They basically cover the same items, but since we're only entitiled to check a credit agency once a year - by checking with one of the 3, every 4 months, is the best way to stay current with your credit score and any problems.

Posted by: Dennis Burdick | February 28, 2006 6:16 PM

As an advocate for victims of this crime, I know that the costs to the victim should not be ignored or minimized, no matter the source of the theft.

Financially, yes, business may bear the greatest actual dollar loss, but their losses are offset by the money they earn through the legitimate business they conduct.

Proportionately the greatest loss is to the consumer. Many victims experience lower credit scores, which lead to increased interest rates, car insurance rates and even loss of existing credit lines. Some victims suffer for years with recurring bad debt on their credit reports due to someone else's misdeeds. Putting a value on those losses is difficult, if not impossible.

In light of the findings of this study, it makes sense that business should support security freeze laws that are being proposed in several states (Maryland will introduce a bill in March). Giving consumers the ability to freeze reports before they become victims will go a long way toward reducing the number of identity theft victims in the future, and increase the bottom line for businesses.

Posted by: ITRC - North Atlantic Coast | February 28, 2006 6:30 PM

Speaking from experience: I have been a victim of identity theft 4 different times. Each case of ID theft was years apart. Each was committed by someone known to me. Each was more sophisticated than the last. Each time I was able to "walk away" with no liability on my part.

The first time it happened, someone purchased an automobile and had someone else pose as me to co-sign for the loan. When they couldn't pay for the "auto" the loan company came after me because they had me down as the co-signer for the loan. The truth unfolded in front of the judge - the loan officer said that I was not the person that co-signed and it was determined that it was not my signature.

The second time someone emptied out an old bank account (there was only $11) and the bank gave me the money back. I closed the account. I had left only $11 in the account because it was too easy to make withdrawals from the account and I thought that one day someone might try it because they never asked for ID or verified that the person making the withdrawal was the account holder.

The third time someone opened up a Visa account using a different address and charged over $2500 on the card. Lawyers came after me. The person that did this was a younger relative and although had some personal information, did not have all of it. They made up some of the personal information. I proved that it was not my information and not my signature on the transactions.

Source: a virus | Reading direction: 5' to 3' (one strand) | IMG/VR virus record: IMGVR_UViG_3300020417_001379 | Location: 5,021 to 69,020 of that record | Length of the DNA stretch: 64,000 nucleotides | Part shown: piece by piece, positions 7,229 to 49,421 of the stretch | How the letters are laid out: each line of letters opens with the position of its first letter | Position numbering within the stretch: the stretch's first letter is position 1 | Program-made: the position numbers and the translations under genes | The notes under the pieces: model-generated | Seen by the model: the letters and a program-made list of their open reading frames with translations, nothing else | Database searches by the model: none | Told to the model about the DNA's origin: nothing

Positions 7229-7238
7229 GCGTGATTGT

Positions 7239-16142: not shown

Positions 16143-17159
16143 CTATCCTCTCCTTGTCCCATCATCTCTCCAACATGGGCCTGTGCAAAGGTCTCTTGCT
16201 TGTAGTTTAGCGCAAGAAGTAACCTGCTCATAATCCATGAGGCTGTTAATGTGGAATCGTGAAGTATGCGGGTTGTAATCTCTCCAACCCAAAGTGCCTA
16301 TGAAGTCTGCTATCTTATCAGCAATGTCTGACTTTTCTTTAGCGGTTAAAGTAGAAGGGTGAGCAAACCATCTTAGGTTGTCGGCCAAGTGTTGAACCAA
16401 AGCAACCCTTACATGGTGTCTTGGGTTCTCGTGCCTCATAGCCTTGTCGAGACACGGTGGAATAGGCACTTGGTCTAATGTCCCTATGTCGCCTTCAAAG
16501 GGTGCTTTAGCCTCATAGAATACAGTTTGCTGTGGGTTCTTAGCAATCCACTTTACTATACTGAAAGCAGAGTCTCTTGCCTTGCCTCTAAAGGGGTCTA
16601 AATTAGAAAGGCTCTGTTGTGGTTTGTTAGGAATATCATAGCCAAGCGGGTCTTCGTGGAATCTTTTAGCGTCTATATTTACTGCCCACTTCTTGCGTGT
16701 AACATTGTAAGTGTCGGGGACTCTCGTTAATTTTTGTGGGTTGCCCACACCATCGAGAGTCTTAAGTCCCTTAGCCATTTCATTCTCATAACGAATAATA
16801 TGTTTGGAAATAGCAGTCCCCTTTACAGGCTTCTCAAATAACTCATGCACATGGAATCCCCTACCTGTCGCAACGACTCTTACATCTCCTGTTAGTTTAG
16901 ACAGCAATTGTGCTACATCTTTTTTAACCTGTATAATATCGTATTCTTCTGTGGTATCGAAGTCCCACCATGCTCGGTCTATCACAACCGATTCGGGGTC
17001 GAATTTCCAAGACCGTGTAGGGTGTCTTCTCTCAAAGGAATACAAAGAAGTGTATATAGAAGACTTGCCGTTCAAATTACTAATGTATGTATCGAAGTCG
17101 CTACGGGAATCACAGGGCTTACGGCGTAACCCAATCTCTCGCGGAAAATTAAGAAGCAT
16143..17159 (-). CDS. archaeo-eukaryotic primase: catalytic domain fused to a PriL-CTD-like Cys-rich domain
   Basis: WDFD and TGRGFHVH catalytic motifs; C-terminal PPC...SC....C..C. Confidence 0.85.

The fourth time: one of my checks was taken from my checkbook (by a relative). Since it was only one check, I thought that I forgot to make an entry in the check register. The relative used my checking account number and routing number to make checks. They used my checks to pay their bills. I caught it early, was able to get the police involved, and ended the whole thing. Only one check went through, it was for a $473 payment to Verizon. I was able to get my money back.

I now use the Internet to do my banking, I have found that it is safer for me.

Posted by: DTBF | March 1, 2006 12:54 PM

Take a careful look at how identity theft is defined in this survery versus how the Federal Trade Commission defines it or the relatively new Aggravated Identity Theft statute (found under 18 U.S.C.A. § 1028A). When you change the definition of the crime, the numbers certainly change dramatically.

Posted by: An ID Theft Prosecutor | March 1, 2006 5:10 PM

The person must really need help if they can't wait on the money to come in to buy from Wal-Mart so they think that they have to steal.

Posted by: Stupid people | April 19, 2006 10:31 AM

don't do drugs.

Posted by: Linsday-Katherine | April 27, 2006 2:59 PM

Great article, that was interesting

Posted by: make money online | April 27, 2006 8:58 PM

The End of Identity Theft; Can you post this on your Blog?

Motioncodes is a new science that has actually been around for thousands of years. For a moment, think about how you distinguish one person from another. What is recognized and stored in memory? How is this information gathered? What sets us apart to make us unique? Answer - people subconsciously signaling their behavioral codes (state of mind) through body language. Without realizing it, we reveal who we are and our intentions. The progression of motioncodes: from the cave drawings of our distant ancestors to paintings, photography, to film, and finally computers-allows us to quickly and remotely (via any surveillance camera) digitize and store human body movements that are unique to everyone-just like fingerprints. Those movements are converted to a 6 digit 'rotation number' which is different for everyone on Earth and cannot be deciphered. Passers-by would be analyzed for matching information to establish and verify identity and pinpoint their whereabouts. Probable crimes, terrorism and identity theft can be monitored 24/7 and as result crime would be impossible to commit. Eventually security and law enforcement would be replaced by robots. However, in the U.S. there are millions of people that make a living from fighting crime: police, lawyers, prison guards, private security and the media. Many of these people would lose their jobs. Obviously, the CRIMINALS and the CRIME FIGHTERS would try to stop the new crime prevention technology. We submitted motioncodes to the government, security agencies, and the media and with no surprise, we have received no response! What to do? We are going directly to the public and forming a membership organization 'The Preventech Foundation' to influence these CRIME FIGHTERS to introduce motioncodes crime prevention technology and replace the present archaic methods. The implementation procedure - motioncode chip can be put instantly in any surveillance camera. That is all it takes to be protected by the National Prevention Network. Please contact us and we will send you the details about the preventive devices and systems

Posted by: Edward Romanoff | September 18, 2006 8:52 PM